by Dan – February 7th, 2017
The Trump administration extended the deadline for submitting comments on a regulation related to the buying and selling of livestock, a move hailed by the National Pork Producers Council, which opposes the Obama-era rule.
The so-called Farmer Fair Practices Rules, written by the U.S. Department of Agriculture’s Grain Inspection, Packers and Stockyards Administration (GIPSA), include two proposed regulations and an interim final rule, comments on which now are due by March 24. Read the rest of this entry »
by Dan – February 6th, 2017
Everett Griner talks about what the most popular breakfast food is, and how it is made in today’s Agri View. Hear Everett’s report and learn more.
by Dan – February 3rd, 2017
A very high demand for bacon has driven pork belly supplies to record lows, prompting talk of a nationwide bacon shortage. However, the pork industry remains confident it can keep up with the increasing demand and avoid a serious shortage of the product. Read the rest of this entry »
by Dan – January 30th, 2017
The Trump administration over the weekend announced it would pursue closer trade relations with the United Kingdom, news welcomed by the National Pork Producers Council, which urged the administration to begin talks as soon as possible.
Meeting last week at the White House, President Trump and British Prime Minister Theresa May agreed to hold preliminary talks on a trade deal, which can’t be finalized until the U.K. leaves the European Union. (The U.K. in June 2016 voted to get out of the economic bloc, which was formed after World War II to promote economic growth and to avoid conflict among the 28 member countries.) Read the rest of this entry »
by Dan – January 25th, 2017
When 2016 year-end results are final, U.S. pork exports to Central America will set a new record with growth achieved in all seven Central American countries. Joe Schuele has more on that story. Read the rest of this entry »
by Dan – January 24th, 2017
The National Pork Producers Council committed to work with the Trump administration to preserve tariff-free market access for U.S. pork exports to Canada and Mexico. The administration is planning to pursue trade discussions with the two countries.
“As far a pork is concerned, the trade deals with Canada and Mexico have been tremendous for U.S. pork producers,” said NPPC President John Weber, a pork producer from Dysart, Iowa. Read the rest of this entry »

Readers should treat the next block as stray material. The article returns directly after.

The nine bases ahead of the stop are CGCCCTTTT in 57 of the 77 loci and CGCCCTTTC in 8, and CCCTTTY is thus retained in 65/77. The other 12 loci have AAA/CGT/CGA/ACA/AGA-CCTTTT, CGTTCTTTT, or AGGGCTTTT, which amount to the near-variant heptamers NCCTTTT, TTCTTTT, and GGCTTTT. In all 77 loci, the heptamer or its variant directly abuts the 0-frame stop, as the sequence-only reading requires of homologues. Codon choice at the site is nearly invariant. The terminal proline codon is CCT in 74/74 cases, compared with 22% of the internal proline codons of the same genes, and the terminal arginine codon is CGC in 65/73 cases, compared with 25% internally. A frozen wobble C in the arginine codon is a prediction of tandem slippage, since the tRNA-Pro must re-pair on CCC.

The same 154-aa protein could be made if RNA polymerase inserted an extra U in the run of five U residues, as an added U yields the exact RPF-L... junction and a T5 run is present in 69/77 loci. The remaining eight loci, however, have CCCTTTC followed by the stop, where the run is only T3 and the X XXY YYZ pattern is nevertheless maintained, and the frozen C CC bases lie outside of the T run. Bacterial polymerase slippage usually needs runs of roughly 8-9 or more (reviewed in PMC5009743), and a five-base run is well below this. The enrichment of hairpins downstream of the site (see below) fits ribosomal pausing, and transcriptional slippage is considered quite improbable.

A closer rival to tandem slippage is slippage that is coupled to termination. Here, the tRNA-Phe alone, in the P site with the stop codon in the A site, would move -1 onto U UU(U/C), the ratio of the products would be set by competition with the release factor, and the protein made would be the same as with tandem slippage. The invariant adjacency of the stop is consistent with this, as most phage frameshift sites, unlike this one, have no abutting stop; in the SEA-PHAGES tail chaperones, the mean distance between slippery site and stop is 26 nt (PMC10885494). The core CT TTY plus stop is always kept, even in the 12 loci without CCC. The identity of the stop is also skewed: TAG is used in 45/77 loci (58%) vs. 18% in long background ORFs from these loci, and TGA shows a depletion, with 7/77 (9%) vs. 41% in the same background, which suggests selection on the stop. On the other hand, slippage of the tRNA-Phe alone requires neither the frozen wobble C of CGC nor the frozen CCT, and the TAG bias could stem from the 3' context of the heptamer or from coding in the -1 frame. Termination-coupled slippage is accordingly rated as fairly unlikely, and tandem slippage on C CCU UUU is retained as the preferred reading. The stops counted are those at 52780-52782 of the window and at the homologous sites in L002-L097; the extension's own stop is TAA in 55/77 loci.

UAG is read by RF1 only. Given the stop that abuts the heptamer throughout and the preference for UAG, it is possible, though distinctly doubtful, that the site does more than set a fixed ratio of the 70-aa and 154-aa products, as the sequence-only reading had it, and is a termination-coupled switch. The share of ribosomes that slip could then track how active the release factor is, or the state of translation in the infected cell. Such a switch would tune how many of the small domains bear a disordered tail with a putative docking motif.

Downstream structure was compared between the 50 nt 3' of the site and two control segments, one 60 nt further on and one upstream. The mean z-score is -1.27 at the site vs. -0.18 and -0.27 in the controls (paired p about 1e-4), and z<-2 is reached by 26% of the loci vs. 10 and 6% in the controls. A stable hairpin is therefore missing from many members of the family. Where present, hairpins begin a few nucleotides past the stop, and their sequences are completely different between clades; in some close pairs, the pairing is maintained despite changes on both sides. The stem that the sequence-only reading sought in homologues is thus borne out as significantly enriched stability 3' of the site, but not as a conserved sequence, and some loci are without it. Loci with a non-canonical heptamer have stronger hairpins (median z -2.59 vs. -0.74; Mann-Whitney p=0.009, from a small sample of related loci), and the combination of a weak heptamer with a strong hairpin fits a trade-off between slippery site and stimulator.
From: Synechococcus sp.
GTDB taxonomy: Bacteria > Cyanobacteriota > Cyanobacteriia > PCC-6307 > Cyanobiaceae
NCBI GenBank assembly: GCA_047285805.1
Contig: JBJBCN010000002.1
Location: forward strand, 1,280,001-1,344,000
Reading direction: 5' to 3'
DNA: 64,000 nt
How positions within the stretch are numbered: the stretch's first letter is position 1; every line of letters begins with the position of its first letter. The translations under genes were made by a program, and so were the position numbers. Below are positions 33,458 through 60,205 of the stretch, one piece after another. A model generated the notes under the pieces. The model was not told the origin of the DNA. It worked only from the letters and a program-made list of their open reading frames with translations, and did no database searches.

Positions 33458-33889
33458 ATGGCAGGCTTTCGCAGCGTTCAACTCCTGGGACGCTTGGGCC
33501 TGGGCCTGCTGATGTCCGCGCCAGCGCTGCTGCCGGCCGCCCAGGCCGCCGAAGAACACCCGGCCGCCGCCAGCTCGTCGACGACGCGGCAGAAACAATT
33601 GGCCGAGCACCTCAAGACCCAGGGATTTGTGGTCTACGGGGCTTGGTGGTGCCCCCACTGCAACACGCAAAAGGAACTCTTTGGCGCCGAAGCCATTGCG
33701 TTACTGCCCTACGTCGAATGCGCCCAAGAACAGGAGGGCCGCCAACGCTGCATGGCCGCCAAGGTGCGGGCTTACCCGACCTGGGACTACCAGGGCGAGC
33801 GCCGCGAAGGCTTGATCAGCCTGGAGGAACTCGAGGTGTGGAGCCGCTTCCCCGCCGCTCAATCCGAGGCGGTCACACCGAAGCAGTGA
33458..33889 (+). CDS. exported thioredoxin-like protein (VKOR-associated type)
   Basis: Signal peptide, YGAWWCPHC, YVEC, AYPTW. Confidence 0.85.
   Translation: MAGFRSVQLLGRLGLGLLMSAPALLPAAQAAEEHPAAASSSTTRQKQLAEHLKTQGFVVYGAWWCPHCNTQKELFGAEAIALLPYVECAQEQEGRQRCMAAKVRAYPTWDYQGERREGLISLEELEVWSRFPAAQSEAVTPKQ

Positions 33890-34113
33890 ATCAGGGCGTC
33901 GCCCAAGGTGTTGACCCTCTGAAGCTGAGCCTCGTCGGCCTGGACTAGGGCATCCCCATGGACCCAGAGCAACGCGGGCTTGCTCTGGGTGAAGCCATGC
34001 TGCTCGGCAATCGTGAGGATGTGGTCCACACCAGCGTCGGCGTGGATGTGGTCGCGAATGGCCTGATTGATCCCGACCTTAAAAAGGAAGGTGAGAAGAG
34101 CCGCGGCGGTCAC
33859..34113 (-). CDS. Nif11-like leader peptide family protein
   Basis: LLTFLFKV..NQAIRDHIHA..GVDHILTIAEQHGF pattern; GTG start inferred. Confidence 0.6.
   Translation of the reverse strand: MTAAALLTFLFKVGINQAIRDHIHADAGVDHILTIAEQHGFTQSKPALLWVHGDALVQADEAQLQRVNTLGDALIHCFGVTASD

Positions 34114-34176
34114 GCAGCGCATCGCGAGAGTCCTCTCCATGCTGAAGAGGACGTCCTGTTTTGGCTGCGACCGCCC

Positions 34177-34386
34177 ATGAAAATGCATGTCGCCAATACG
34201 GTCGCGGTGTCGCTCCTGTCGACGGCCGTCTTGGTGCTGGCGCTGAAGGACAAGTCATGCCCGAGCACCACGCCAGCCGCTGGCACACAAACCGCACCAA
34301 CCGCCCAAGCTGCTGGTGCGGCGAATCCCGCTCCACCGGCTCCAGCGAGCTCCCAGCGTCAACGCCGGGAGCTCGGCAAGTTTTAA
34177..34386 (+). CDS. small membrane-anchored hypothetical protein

by Dan – January 19th, 2017
Calling him a champion for American agriculture and a strong advocate for sound science and the rule of law, the National Pork Producers Council endorsed Oklahoma Attorney General Scott Pruitt for administrator of the U.S. Environmental Protection Agency. Read the rest of this entry »
by Dan – January 19th, 2017
The U.S. Department of Agriculture (USDA) has announced the appointment of 163 producers and five importers to the 2017 National Pork Producers Delegate Body. The appointees were selected from nominees submitted by state pork producer associations and importer groups and will serve a 1-year term.
The Delegate Body will be seated during the Feb. 27, 2017, to March 3, 2017, National Pork Industry Forum in Atlanta, Georgia. Appointed members representing pork producers by state are: Read the rest of this entry »
by Randall – January 19th, 2017
President-elect Donald Trump has reportedly picked former Georgia Governor Sonny Perdue to be Agriculture Secretary under the incoming administration. While the USDA landing team has yet to confirm the nominee, multiple media outlets attributed a senior transition official as saying Trump will nominate Perdue to the post.
The American Farm Bureau strongly endorsed the nomination of Perdue following the news. Read the rest of this entry »
by Dan – January 18th, 2017
In another poke in the eye to agriculture, the Obama administration tomorrow will issue a regulation that adds animal welfare standards to the nation’s organic food production law. The National Pork Producers Council will work with the Trump administration and Congress to repeal yet another “midnight” regulation. Read the rest of this entry »
by Dan – January 11th, 2017
By Fred Gale, USDA Economic Research Service
China has become a leading importer of pork as its hog production costs have grown. China-U.S. comparisons show that hog producers in China face higher feed and labor costs than U.S. producers, while costs of feeder pigs fluctuate from year to year in both countries. Efficiency of feed use has improved marginally in China, but it remains below that of U.S. farms. Rapid wage growth is spurring China’s transition toward larger-scale farms, but labor productivity remains low in hog production. With rising production costs, constraints on land use, and stricter environmental regulations in China, the country is likely to remain a large importer of pork. Read the rest of this entry »
by Dan – January 11th, 2017
A recent survey shows that U.S. pig farmers are complying with the new federal rules regarding antibiotic use in their animals. The November survey done by the National Pork Board showed that 95 percent of farmers were ready for full compliance well before the January first deadline. Jan Archer, Pork Board President, says, “The pork industry has worked toward the deadline for two years. Pig farmers are committed to making the necessary changes regarding antibiotic use, with many discontinuing antibiotic use for growth promotion years ago.” Read the rest of this entry »